Earlier this month, the Indiana Chamber held its annual D.C. Fly-in event. This year was heavily agency focused, as a number of high-level administration and international speakers discussed issues.

Indiana native Ted McKinney, United States Department of Agriculture undersecretary of agriculture for trade and foreign agriculture affairs, opened with remarks on agribusiness and the impacts of tariffs on agriculture.  He was followed by Martha Legg Miller from the Securities and Exchange Commission (SEC); she’s director of the Office of the Advocate for Small Business (OASB) Capital Formation. Legg Miller explained the mission of the office, which began operations in January 2019. It was established pursuant to the SEC Small Business Advocate Act of 2016 to advance the interests of small businesses and their investors at the SEC and in the capital markets.

OASB advocates for small businesses and their investors by conducting outreach to solicit views on relevant capital formation issues, providing assistance to resolve significant problems, analyzing the potential small business impact of proposed regulations and rules, as well as recommending changes to mitigate capital formation issues and promote the interests of small businesses and their investors.

Brad Williams, senior adviser to the assistant secretary for nuclear energy, Office of Nuclear Energy, U.S. Department of Energy, discussed general energy issues including the importance of nuclear – today and in the future. This includes energy security, economic prosperity, global security, environmental sustainability, plus concerns about the financial viability of some currently operating plants.

Anne Reinke, the deputy assistant secretary of intergovernmental affairs, U.S. Department of Transportation, spoke about the current state of transportation infrastructure and the funding methods.

Attendees were fortunate to hear from Gerardo Lameda with the Mexican Embassy; he’s the minister of trade and North American Free Trade Agreement (NAFTA) office. Lameda analyzed Mexico’s trade agenda and the view from his country on U.S. ratification of the United States-Mexico-Canada Agreement (USMCA), including the labor reform and enforcement debate currently taking place in the U.S. Congress and the amount of trade between Indiana and Mexico.

The first day concluded with Trump cabinet member Alex M. Azar II, the U.S. secretary of health and human services. Azar, who worked at Eli Lilly & Company before returning to Washington, spoke about a number of ideas for health care reform, including association health care plans – which the Chamber now offers for small- and medium-sized businesses through its ChamberCare Solutions partnership with Anthem.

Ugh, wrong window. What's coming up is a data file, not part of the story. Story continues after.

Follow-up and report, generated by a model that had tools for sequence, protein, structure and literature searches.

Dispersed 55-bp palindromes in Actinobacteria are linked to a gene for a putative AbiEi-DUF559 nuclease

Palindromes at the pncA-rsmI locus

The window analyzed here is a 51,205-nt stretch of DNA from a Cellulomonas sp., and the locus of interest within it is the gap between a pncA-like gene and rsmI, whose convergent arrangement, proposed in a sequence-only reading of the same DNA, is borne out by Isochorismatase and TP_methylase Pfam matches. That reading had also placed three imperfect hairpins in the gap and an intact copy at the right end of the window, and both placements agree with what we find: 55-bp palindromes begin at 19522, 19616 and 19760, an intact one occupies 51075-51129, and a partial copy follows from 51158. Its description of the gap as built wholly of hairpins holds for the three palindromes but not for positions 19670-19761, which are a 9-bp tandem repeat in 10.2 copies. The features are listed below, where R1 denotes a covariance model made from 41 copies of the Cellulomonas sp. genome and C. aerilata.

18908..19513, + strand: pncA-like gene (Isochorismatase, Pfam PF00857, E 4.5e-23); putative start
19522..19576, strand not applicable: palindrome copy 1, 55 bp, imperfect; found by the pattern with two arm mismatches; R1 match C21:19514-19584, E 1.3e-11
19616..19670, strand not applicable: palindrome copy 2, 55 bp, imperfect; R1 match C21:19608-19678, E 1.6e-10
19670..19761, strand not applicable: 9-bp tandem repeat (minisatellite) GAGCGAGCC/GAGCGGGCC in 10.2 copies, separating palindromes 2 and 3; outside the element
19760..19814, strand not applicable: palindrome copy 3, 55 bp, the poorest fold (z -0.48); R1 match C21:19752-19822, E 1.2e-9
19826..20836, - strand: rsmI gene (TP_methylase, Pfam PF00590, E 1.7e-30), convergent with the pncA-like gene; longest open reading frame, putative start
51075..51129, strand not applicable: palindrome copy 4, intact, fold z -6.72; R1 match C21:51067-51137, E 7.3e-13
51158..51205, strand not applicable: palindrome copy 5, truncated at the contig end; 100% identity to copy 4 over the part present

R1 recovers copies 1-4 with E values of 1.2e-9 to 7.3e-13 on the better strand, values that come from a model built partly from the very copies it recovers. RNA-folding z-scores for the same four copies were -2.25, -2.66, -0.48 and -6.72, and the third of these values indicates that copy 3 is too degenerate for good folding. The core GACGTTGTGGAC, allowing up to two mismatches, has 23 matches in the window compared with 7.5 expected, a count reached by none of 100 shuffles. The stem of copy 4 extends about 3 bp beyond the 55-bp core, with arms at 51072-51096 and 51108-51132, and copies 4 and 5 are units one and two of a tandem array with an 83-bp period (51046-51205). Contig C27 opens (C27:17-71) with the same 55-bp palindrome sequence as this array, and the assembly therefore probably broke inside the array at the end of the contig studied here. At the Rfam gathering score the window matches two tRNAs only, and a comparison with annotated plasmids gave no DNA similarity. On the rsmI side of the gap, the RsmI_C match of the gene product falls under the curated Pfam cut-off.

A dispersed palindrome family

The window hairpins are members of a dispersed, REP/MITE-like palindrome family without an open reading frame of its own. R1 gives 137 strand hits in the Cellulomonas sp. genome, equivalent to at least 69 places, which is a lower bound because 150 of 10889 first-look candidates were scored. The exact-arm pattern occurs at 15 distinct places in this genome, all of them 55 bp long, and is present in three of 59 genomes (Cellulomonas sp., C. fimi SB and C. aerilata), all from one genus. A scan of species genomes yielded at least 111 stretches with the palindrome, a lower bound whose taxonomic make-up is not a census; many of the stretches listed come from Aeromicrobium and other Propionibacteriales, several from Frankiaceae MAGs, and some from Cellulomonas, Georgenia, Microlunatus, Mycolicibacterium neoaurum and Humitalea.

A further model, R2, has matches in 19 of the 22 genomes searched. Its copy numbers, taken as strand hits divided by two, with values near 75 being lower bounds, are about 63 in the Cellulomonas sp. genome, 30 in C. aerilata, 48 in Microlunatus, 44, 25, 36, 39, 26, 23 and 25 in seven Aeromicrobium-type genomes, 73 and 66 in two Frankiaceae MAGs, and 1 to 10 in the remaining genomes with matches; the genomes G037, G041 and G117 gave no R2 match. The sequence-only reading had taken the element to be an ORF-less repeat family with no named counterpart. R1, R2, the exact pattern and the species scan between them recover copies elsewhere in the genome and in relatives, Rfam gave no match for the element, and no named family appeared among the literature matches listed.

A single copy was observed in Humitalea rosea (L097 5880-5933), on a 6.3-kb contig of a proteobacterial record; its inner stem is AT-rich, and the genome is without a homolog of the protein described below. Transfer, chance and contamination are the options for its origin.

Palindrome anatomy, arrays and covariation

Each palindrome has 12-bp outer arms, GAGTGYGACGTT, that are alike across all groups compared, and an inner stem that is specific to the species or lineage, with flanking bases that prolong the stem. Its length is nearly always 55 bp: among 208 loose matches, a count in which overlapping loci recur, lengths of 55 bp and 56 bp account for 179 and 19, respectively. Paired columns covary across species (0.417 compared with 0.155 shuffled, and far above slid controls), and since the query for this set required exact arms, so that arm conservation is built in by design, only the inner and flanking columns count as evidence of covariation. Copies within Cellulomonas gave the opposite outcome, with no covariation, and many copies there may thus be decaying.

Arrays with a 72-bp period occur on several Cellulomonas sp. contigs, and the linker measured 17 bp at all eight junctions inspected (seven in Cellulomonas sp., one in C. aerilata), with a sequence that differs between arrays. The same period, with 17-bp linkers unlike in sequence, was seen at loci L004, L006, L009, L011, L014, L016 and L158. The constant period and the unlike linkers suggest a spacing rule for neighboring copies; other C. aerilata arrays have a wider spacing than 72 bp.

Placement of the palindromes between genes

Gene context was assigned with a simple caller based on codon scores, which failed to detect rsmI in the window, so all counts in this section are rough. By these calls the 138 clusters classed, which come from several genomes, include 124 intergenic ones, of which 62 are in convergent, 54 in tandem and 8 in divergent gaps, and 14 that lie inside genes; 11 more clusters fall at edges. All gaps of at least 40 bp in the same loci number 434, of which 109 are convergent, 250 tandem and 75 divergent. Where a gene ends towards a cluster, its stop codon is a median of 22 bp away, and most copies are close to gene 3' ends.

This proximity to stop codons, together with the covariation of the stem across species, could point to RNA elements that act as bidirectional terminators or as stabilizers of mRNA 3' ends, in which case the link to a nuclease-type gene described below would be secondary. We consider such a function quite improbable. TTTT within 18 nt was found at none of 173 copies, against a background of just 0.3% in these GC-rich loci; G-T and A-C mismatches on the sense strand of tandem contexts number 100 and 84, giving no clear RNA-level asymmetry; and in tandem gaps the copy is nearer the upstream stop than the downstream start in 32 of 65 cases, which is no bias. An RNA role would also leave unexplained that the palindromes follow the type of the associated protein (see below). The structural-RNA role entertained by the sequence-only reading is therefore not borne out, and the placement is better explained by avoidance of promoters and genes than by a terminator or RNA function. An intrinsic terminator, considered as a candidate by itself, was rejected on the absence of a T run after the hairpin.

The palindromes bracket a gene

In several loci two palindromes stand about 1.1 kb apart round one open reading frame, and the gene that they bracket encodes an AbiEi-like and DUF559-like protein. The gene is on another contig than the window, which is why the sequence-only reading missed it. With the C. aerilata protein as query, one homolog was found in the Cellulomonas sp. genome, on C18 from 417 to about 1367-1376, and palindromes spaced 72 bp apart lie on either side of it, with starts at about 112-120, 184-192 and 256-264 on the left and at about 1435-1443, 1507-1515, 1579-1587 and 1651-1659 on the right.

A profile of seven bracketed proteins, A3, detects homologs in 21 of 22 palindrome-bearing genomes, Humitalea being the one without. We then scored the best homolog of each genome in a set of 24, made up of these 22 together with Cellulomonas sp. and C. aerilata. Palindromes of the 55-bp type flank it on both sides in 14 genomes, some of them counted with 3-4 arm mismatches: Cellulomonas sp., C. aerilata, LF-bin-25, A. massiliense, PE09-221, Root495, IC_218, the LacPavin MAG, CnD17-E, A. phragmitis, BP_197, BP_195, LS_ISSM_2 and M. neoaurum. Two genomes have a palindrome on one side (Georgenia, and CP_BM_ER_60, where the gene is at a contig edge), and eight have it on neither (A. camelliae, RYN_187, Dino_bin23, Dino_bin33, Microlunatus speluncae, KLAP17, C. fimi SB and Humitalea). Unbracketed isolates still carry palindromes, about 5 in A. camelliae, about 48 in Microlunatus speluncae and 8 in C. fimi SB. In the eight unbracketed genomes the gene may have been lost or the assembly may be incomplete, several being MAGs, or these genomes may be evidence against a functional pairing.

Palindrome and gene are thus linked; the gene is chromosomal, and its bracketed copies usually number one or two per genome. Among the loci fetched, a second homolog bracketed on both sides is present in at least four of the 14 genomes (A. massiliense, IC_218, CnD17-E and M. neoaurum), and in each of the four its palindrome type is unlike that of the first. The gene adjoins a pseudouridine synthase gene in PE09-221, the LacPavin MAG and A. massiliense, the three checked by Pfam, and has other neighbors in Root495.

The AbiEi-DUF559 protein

Day two started with a keynote address by FBI Supervisory Special Agent Craig Moringiello, who is the current supervisor of the counterintelligence program and a member of the crisis negotiation team. Moringiello discussed ways to protect intellectual property and offered precautions that should be taken to protect sensitive personal and business information when traveling outside of the United States. Meetings with representatives from Indiana’s elected officials rounded out the event.

The 2020 D.C. Fly-in will take place in September. Watch for further details in the coming months.

Senator Young Pushes for House’s Quick Attention to NAFTA Successor

This week, U.S. Sen. Todd Young (R-Ind.) discussed the importance of the House of Representatives quickly passing the United States-Mexico-Canada Agreement (USMCA) for Hoosier farmers and manufacturers.

Signed one year ago, this agreement will modernize the 24-year-old North American Free Trade Agreement (NAFTA) and support freer markets, fairer trade and robust economic growth in North America. With tens of thousands of Hoosier jobs supported by exports to Canada and Mexico, Young supports ratifying this important trade agreement as soon as possible. The U.S. Senate already took that step in June.

“The one thing that remains unfinished business as we look forward, that is so important to our economy, is to pass this USMCA deal. I represent the state of Indiana, the most manufacturing intensive state in the country. One out four manufacturing businesses in my state directly export to Canada or Mexico, resulting in roughly 60,000 jobs,” says Young.

“So, it’s important to our manufacturing workers, it’s also very important to our ag economy … 95% of our farms in the state of Indiana are family farms. … This is about saving our rural communities. President Trump has struck a good deal, a very good deal. (Speaker) Nancy Pelosi needs to move forward with it to sustain our economic health,” Young continues.

Watch the full video of Senator Young’s remarks here.

Resource: Greg Ellis at (317) 264-6881 or email: [email protected]